We appreciate the opportunity to provide our comments on the Environmental Protection Agency and its proposed budget. Thank you for your consideration of our testimony.

U.S. Forest Service (FS)

The Ecological Society of America supports the President’s budget request for an increase in the Forest Service (FS) Research and Development (R&D) budget to $285 million. The FS is responsible for managing 191 million acres across the United States. This is no simple task considering that those acres are home to 360 endangered species and 2,500 sensitive species. Along with maintaining ecosystem sustainability, the FS is also charged with providing forest products from its lands for the economic well being of the surrounding communities. In order to complete these sometimes competing mandates, it is essential that the Forest Service have the ability to perform high level ecological analysis and research to ascertain the needs of the ecosystems that it manages.

The R&D division of the Forest Service provides this research, as well as critical support to land management activities on Forest Service land. It contributes to overall ecological knowledge and expertise, and is of great importance to the Society's membership. The Forest Service R&D budget is an essential element in the overall success of the Forest Service's mission, as it provides basic and applied research in the biological and physical sciences on national forests and grasslands. These lands are extremely diverse and biologically rich, providing a great store of information on ecology. The Forest Service's R&D has particular strengths in researching the habitat needs of wildlife species, watershed function, invasive species, aquatic habitats, and the role of the atmosphere and climate in forest health.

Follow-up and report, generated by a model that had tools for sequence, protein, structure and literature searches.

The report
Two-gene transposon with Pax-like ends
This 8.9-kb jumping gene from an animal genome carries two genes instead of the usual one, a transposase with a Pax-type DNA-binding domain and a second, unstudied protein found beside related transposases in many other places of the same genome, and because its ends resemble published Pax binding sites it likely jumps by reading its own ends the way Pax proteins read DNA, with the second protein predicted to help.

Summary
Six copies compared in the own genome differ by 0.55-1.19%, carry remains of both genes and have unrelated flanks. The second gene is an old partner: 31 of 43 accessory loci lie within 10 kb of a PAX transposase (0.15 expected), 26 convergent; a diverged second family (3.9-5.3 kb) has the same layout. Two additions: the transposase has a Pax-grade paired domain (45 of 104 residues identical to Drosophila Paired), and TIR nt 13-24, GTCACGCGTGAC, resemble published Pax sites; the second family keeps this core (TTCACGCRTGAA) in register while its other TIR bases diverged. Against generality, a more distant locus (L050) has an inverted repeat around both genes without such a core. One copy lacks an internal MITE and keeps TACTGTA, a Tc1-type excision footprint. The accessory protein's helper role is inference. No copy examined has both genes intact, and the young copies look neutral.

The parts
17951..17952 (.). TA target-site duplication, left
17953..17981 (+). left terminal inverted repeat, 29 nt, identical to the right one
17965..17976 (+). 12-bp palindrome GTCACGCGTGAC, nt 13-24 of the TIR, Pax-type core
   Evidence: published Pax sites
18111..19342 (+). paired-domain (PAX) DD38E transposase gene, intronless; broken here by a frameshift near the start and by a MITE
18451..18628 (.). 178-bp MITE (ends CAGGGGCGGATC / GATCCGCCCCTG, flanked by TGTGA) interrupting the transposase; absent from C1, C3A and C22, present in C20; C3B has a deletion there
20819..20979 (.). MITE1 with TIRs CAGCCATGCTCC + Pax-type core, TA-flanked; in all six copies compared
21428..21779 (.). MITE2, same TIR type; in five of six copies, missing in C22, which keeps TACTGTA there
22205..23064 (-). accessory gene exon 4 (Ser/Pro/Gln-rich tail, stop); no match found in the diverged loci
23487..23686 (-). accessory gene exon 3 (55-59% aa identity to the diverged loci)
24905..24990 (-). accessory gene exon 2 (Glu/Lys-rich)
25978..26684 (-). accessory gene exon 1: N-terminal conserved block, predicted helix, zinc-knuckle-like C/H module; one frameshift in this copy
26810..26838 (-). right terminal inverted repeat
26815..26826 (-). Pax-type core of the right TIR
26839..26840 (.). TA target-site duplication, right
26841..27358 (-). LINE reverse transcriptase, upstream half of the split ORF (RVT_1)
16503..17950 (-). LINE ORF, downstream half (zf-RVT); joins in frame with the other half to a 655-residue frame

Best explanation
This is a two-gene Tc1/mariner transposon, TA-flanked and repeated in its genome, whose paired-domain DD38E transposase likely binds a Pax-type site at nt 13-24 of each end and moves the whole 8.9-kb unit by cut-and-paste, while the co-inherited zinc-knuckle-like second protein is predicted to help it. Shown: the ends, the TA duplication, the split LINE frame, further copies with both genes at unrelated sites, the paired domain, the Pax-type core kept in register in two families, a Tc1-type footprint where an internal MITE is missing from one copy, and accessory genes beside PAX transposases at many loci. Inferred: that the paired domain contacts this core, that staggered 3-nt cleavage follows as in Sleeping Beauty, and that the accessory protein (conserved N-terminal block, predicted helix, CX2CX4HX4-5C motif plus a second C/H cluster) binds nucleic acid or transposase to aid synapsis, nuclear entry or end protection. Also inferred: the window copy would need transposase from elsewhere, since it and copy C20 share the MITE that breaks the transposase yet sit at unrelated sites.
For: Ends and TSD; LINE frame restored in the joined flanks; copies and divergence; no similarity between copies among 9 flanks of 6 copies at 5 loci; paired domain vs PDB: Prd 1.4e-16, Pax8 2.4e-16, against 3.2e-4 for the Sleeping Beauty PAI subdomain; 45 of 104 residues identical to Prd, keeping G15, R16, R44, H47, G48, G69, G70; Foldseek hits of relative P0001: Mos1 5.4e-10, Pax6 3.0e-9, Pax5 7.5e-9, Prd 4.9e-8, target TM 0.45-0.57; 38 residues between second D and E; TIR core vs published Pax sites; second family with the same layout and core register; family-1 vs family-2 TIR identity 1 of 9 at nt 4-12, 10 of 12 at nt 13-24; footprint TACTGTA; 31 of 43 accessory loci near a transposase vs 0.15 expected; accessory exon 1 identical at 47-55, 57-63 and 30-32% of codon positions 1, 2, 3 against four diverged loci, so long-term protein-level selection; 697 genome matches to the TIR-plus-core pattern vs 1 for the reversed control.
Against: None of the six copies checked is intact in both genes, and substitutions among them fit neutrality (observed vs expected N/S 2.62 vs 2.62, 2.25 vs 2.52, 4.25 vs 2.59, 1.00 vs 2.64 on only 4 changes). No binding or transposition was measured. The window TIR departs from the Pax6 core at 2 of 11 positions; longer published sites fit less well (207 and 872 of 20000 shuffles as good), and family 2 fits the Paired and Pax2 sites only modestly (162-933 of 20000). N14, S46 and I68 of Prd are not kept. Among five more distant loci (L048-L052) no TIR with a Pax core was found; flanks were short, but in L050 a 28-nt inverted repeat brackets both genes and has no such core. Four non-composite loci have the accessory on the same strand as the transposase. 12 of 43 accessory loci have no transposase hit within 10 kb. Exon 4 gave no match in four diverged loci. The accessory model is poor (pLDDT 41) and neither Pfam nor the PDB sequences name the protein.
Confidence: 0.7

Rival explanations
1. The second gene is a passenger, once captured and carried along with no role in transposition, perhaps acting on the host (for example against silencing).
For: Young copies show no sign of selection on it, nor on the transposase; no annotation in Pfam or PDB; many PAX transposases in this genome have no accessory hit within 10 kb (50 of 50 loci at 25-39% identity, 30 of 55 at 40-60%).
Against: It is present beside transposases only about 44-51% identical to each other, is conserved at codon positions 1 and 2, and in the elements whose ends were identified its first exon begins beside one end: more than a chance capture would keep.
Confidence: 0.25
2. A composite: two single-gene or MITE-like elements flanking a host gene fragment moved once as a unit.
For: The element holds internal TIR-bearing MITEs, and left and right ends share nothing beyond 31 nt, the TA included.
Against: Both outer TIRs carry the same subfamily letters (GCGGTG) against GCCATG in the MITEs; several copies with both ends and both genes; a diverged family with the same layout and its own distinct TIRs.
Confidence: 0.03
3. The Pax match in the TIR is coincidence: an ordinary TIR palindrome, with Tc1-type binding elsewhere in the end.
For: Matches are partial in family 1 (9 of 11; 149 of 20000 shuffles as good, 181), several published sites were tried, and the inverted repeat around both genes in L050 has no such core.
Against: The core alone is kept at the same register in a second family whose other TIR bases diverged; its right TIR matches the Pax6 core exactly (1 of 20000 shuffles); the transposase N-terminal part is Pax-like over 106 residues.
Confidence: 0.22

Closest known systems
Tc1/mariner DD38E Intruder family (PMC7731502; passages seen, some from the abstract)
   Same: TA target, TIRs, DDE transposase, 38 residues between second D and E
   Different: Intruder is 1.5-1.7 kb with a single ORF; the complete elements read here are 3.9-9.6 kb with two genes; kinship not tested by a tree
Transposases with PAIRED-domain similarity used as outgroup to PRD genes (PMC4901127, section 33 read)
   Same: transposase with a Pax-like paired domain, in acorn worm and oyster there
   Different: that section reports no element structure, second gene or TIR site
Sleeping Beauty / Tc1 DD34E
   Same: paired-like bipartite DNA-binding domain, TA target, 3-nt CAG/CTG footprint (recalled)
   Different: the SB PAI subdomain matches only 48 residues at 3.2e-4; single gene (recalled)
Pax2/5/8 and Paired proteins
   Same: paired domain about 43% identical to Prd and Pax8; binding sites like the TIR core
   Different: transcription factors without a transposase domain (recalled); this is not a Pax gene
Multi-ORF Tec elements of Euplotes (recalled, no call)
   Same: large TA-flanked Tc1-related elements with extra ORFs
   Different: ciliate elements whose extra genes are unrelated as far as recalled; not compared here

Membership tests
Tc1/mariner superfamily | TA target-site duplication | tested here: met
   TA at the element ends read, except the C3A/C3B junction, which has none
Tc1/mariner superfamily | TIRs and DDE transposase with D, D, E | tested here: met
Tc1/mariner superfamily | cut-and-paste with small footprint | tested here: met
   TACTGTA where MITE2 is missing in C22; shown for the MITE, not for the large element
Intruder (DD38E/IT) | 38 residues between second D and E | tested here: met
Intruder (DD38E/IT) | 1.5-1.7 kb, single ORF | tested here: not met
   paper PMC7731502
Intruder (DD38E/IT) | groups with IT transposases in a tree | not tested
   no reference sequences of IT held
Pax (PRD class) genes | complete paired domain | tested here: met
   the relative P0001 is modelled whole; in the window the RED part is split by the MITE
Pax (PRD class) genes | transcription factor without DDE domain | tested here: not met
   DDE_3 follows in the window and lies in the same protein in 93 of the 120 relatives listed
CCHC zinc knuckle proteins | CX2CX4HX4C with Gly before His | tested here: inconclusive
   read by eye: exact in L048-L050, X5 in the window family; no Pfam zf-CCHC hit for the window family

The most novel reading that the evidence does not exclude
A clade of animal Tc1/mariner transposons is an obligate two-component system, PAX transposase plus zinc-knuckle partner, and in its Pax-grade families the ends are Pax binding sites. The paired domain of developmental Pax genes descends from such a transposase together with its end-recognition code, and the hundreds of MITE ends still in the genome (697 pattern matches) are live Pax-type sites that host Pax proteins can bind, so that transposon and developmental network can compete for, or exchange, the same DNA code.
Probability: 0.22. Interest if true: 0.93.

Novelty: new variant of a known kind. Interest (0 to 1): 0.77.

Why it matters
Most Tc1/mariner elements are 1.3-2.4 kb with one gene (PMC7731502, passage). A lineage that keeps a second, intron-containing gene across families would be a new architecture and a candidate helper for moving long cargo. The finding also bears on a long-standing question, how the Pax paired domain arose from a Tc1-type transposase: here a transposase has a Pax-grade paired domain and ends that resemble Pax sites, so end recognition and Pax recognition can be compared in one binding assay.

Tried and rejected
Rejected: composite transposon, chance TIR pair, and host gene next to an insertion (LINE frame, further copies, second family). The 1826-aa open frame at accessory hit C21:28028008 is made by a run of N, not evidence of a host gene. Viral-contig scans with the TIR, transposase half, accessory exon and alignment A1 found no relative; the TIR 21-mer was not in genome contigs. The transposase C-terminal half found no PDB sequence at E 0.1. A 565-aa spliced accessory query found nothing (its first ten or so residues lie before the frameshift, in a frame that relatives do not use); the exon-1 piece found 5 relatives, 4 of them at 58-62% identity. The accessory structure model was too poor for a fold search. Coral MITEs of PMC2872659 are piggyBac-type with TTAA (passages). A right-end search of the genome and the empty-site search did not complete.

The Forest Service R&D, in cooperation with State and Private Forestry and the National Forest System, administers the Forest Inventory and Analysis (FIA) program. FIA is the only program to comprehensively assess all of the nation’s forests in a nationally consistent manner across all land ownerships. Data collected through this program has been invaluable in helping government and non-government scientists document the role of US forests in sequestering carbon from the atmosphere, a process that slows climate change. In FY 04, the Forest Service R&D expanded its inventory of America’s forests to two more states, bringing the total coverage to 83 percent of America’s forests. ESA supports the President’s request for full implementation of the FIA in all 50 states.